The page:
- Special consideration regarding the assessment and management of patients being treated with mandibular advancement oral appliance therapy for snoring and obstructive sleep apnea. [Journal Article]
- Cranio 2013 Jan; 31(1):10-3.
This position paper, as developed by a Task Force of the American Academy of Craniofacial Pain on Mandibular Advancement Oral Appliance Therapy for Snoring and Obstructive Sleep Apnea, contains recommendations for dentists engaged in the management of patients with snoring and obstructive sleep apnea utilizing mandibular advancement oral appliances. The recommendations are supported by current scientific evidence, published standards and guidelines, and expert panel consensus. Snoring and obstructive sleep apnea (OSA) affects millions of people. Oral appliance therapy (OAT) is recognized as an effective therapy for many with primary snoring and mild to moderate OSA, as well as those with more severe OSA who cannot tolerate positive airway pressure (PAP) therapies. Dentists are playing a much larger role in the screening and management of patients with snoring and OSA as part of a multi-disciplinary team. It is also recognized that OAT has the potential to cause untoward side effects, including temporomandibular joint (TMJ) pain and dysfunction. The present paper highlights the need for dentists who manage patients using mandibular advancement OAT to be competent in the assessment, diagnosis and management of temporomandibular disorders (TMDs) and craniofacial pain disorders. The authors of this article are all clinically engaged in the management of patients with snoring and OSA, and reached consensus based on their review of the current evidence, published guidelines and clinical experience. It is the opinion of the authors that dentists experienced and knowledgeable in the assessment, diagnosis and management of TMD and craniofacial pain applying this knowledge to the management of patients with snoring and OSA using OAT will provide their patients with the best prognosis and most successful treatment outcomes.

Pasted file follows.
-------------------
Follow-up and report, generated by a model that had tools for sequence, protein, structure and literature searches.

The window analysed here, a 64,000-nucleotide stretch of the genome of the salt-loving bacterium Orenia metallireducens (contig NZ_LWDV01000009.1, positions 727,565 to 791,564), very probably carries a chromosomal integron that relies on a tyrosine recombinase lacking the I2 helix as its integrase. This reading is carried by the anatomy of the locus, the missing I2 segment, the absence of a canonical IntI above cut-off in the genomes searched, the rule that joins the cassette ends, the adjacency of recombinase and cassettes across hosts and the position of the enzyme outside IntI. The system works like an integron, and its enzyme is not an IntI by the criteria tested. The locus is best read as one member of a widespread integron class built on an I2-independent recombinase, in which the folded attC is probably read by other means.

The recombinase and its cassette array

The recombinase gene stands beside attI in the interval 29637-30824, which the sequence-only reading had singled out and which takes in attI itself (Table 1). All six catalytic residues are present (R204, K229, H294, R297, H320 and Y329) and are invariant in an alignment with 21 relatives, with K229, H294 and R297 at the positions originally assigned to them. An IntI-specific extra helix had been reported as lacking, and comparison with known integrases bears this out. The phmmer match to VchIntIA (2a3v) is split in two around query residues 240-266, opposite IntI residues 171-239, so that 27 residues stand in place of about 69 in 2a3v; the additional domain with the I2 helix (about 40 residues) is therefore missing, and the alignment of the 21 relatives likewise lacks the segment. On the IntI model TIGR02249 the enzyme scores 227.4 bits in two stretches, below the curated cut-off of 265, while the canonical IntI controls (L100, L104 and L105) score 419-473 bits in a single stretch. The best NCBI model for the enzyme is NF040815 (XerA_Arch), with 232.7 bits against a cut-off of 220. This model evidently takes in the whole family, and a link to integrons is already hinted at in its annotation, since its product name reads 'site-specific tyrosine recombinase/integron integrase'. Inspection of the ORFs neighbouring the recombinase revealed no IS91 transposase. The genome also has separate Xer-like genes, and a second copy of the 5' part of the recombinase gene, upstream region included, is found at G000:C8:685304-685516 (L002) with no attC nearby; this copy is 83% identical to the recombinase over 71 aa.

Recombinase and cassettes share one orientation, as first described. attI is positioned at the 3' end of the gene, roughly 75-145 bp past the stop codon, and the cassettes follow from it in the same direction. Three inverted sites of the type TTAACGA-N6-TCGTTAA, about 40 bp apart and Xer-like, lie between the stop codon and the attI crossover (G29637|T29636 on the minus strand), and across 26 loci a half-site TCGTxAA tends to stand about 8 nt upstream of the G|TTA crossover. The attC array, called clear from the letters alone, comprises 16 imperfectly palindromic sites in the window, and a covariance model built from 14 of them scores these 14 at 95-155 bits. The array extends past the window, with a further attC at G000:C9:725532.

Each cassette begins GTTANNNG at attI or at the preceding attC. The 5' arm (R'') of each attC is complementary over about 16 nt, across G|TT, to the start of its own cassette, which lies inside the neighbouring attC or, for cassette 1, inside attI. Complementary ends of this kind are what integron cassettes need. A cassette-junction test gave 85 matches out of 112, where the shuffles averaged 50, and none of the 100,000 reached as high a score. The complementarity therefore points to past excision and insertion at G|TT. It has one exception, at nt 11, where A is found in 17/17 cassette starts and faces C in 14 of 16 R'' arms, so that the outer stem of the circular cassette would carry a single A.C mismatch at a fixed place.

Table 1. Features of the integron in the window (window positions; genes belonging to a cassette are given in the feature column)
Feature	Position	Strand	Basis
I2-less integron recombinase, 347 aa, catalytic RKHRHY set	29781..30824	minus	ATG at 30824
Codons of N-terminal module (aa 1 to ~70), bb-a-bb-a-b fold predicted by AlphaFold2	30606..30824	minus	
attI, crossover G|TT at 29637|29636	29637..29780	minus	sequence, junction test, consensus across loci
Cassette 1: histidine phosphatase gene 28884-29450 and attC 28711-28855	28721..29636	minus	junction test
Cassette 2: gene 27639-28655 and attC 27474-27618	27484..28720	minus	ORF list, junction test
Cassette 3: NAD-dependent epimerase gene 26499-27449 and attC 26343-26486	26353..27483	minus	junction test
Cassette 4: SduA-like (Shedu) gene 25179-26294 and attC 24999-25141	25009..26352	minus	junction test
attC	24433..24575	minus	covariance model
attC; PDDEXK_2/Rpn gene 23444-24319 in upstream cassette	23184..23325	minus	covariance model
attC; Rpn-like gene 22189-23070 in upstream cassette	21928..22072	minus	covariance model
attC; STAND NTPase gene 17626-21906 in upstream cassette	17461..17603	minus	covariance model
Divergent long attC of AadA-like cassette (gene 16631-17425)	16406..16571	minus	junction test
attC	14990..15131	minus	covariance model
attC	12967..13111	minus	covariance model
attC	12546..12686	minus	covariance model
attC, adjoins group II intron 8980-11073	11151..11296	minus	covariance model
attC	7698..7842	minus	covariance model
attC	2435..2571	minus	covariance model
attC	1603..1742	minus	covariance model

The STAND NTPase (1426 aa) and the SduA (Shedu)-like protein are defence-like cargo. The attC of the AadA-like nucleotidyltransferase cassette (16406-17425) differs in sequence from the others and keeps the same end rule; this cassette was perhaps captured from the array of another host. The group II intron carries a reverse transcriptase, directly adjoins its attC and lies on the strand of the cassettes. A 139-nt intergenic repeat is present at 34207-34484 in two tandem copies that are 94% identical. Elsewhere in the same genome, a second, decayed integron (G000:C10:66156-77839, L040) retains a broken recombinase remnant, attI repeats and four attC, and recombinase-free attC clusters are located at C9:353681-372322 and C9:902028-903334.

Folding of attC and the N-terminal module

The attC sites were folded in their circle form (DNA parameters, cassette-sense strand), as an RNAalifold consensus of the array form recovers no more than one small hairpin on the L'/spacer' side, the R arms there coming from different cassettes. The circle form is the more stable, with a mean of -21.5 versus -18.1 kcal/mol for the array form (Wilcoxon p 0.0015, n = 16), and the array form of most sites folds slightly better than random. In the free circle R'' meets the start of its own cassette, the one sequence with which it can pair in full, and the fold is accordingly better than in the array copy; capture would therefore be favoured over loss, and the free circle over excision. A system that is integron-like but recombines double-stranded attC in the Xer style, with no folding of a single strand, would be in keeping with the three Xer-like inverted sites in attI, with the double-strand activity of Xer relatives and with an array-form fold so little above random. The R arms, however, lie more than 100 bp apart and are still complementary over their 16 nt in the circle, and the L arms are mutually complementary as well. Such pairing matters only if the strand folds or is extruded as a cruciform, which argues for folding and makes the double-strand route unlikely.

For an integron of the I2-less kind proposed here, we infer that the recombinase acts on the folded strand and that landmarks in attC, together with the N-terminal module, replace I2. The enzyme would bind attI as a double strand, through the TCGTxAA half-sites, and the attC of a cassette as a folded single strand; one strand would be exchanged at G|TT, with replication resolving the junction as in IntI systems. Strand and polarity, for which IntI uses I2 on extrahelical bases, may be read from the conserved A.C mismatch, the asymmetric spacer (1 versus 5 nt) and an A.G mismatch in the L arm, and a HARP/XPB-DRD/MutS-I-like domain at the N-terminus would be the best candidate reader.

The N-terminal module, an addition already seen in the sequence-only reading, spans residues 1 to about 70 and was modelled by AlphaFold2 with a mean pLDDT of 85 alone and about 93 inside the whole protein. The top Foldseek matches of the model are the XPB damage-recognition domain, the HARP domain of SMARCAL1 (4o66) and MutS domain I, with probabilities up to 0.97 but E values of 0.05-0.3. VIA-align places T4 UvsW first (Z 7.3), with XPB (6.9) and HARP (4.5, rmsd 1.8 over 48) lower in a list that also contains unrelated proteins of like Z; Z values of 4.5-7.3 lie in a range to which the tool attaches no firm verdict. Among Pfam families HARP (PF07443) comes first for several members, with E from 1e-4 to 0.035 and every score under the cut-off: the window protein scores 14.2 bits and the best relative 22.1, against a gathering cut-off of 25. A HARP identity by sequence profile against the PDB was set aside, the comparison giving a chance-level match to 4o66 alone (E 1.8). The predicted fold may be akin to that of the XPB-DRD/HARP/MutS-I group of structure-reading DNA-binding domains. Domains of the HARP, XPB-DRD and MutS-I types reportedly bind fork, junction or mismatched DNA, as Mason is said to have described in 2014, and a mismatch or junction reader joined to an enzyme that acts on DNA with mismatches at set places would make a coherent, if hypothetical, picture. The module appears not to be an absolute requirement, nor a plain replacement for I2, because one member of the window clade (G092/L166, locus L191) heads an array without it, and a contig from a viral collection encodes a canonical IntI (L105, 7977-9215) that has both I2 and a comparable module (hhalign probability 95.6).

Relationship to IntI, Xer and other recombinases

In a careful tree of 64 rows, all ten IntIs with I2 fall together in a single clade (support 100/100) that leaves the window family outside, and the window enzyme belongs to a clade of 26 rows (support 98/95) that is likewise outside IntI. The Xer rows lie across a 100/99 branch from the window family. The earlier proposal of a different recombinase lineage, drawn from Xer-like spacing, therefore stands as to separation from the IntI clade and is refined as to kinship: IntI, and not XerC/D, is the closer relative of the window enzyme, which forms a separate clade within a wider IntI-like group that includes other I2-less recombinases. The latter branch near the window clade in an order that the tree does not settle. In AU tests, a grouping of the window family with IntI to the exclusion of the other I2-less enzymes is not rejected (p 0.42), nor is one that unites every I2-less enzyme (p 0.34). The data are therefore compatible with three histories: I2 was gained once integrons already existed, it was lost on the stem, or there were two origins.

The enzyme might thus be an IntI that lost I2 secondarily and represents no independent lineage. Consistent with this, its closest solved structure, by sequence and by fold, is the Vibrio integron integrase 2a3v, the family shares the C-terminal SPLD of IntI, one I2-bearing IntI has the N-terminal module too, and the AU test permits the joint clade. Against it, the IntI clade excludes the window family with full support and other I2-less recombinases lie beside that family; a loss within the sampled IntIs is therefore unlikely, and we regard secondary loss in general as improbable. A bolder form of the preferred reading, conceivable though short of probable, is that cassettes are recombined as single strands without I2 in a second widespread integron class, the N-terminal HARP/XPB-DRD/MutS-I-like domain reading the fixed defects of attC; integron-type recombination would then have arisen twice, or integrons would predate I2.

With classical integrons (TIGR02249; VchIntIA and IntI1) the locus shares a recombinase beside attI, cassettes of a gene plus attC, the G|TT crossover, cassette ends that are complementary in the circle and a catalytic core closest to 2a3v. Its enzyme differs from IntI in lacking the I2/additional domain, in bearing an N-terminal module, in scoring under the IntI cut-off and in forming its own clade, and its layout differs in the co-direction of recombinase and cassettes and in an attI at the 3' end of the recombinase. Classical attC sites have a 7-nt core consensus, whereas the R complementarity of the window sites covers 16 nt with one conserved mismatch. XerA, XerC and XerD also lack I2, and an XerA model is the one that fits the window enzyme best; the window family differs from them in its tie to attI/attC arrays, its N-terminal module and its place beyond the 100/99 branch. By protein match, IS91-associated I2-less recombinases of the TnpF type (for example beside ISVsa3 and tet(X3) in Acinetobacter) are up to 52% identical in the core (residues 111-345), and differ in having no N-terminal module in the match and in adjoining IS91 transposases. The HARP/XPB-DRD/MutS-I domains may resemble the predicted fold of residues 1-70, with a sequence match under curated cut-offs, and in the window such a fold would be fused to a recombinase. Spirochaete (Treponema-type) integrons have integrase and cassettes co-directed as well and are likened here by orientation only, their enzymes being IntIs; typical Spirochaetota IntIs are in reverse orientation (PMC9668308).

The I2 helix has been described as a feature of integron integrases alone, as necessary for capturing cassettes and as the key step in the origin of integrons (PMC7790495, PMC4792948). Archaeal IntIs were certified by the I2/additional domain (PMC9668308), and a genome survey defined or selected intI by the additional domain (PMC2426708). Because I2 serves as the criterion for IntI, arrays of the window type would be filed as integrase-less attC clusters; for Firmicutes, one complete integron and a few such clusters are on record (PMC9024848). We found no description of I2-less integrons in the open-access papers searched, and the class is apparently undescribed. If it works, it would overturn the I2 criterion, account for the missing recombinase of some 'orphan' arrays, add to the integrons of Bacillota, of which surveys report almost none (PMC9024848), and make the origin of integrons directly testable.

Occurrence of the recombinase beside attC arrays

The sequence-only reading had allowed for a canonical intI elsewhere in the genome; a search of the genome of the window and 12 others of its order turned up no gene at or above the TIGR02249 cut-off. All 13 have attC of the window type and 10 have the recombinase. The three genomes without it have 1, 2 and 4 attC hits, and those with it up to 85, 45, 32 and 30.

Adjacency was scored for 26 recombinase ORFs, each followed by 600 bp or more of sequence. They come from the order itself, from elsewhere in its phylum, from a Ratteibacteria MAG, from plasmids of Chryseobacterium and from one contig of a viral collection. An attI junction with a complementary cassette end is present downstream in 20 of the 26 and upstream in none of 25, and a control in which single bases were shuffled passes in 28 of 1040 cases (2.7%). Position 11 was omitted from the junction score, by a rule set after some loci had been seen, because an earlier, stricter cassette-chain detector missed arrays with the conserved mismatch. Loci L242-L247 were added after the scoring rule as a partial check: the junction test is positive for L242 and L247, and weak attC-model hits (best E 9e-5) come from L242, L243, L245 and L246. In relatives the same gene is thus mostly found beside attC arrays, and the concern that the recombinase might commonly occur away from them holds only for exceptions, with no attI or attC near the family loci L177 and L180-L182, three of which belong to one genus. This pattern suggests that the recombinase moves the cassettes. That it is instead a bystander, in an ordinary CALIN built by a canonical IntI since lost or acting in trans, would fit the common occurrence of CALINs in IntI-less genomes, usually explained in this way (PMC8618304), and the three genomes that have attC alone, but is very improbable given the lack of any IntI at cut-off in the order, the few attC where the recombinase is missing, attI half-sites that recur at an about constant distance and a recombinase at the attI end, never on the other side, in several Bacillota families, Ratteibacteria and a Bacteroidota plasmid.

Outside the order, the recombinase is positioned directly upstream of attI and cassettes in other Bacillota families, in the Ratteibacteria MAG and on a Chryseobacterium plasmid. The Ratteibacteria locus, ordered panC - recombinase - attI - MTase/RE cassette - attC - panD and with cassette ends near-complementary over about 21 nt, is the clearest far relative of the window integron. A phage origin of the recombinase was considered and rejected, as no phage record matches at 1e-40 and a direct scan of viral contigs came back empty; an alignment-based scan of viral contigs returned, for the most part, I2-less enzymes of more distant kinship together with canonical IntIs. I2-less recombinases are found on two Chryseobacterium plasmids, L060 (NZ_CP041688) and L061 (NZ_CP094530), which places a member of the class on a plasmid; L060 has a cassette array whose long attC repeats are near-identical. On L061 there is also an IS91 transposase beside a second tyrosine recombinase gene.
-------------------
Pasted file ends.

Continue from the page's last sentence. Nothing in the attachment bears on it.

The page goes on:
- The "Minister of Defense" dies of obstructive sleep apnea. [Editorial]
- Cranio 2013 Jan; 31(1):3.